Hedge Cutting and Garden Maintenance

Hedge cutting and garden maintenance can be extremely important when it comes to defining your exterior boundaries with your neighbours.

As with any garden maintenance jobs, planning is very important, and none much more compared to the equipment to use. Multiple important to make sure your trimmers and shears will be in good working order however, you must also give some thought to your safety equipment for example gloves, goggles and then for high positioned tasks helmets and proper boots.

For smaller hedges hand shears would normally suffice however for massive jobs petrol or electrical trimmers can be considered the typical option nowadays.

Nearly all hedges must be clipped after planting then twice yearly in spring and late summer. Normally, you’d only trim the inside shoots more temperately growing hedges leaving the leading shoots untouched. Essentially the most vigorous species may need trimming 2 or Planting inside the growing season. Once the leading shoots have attained the specified height, trim them level to produce a flat-topped, wider-growing hedge.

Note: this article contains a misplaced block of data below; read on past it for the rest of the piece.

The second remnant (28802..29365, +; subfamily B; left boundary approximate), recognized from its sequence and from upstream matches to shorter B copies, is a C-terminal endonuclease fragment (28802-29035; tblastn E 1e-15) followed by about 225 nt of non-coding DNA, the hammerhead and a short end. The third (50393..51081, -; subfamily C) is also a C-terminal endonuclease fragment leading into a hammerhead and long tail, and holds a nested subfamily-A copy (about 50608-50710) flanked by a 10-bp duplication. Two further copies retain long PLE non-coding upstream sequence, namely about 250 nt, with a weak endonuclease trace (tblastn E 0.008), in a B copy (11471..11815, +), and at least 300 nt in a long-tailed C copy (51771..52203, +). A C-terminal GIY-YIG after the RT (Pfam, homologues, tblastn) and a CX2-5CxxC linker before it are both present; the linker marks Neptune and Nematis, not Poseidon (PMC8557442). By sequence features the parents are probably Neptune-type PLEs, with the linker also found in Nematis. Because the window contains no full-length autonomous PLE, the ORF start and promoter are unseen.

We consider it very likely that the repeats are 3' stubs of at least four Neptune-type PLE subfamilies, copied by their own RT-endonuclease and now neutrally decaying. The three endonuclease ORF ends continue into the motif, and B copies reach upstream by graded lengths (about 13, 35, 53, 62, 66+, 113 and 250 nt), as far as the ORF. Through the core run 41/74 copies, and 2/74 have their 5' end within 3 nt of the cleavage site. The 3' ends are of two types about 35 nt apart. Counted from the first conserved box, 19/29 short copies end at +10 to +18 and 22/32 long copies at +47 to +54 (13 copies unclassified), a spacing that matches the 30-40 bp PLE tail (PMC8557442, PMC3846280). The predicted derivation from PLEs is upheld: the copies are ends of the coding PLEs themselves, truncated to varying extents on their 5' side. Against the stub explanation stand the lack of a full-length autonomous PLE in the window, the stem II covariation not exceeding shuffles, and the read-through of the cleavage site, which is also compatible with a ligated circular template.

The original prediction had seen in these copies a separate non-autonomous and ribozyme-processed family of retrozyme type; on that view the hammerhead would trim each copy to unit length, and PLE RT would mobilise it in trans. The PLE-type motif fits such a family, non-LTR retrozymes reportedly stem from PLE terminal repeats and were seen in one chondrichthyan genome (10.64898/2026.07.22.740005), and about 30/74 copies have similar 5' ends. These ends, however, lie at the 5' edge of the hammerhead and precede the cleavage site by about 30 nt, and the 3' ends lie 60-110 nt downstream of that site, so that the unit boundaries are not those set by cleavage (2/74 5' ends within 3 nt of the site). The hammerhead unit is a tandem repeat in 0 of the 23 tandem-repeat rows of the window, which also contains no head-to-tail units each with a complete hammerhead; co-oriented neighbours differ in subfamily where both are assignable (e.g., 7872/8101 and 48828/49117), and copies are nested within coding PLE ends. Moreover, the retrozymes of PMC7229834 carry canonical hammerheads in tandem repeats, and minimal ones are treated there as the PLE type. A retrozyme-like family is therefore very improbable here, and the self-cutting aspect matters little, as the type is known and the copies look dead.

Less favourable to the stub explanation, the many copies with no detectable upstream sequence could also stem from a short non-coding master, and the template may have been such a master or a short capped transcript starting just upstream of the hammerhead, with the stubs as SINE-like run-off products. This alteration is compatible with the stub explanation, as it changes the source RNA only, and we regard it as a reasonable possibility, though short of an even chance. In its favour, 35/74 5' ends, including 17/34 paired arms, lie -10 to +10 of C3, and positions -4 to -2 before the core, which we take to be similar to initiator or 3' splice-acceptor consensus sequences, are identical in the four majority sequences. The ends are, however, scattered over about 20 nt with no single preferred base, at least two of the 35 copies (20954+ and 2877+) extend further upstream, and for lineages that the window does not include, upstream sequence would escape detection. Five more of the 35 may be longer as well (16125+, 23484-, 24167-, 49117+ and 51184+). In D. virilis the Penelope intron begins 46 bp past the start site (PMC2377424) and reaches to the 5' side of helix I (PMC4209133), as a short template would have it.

Whilst trimming the hedge, it’s extremely vital that you ensure you will have a great vantage point to assess how your “lines” are running as it is hard to determine accurately by eye; it is just if you have finished that any mistakes become apparent.

The great thing about in the garden is always that its an energetic environment – even if you do make some mistakes they’ll soon be remedied – that will the rosebush; roses are very hardy and forgiving, so short of cutting them off an inch above the ground, it’s tough to produce a mistake. Get a full sharp set of two secateurs just for this job. Cut off every one of the dead branches and the branches that are aiming from the wrong directions. Finally trim the branches that you might want to regenerate the modern buds for future growth – keep around three growth buds for the branch showcased.

Another great tip for freshening the layout is always to move plants in one part of the garden to the other. Should you be moving shrubs, don’t attempt it with anything too large, because you will have problem getting up every one of the roots. Nevertheless for smaller shrubs like daphne, rosemary or roses (again), all you have to do is first dig a sizeable hole in which you want to squeeze shrub. Put some blood and bone around the end. Then cautiously dig up the shrub you need to transplant, taking all the root so that as much soil around the root as you can. Then move the shrub – roots, soil and all sorts of – into the pit where it will do. Put in the maximum amount of soil as you have to fill the outlet to the peak, then water it.

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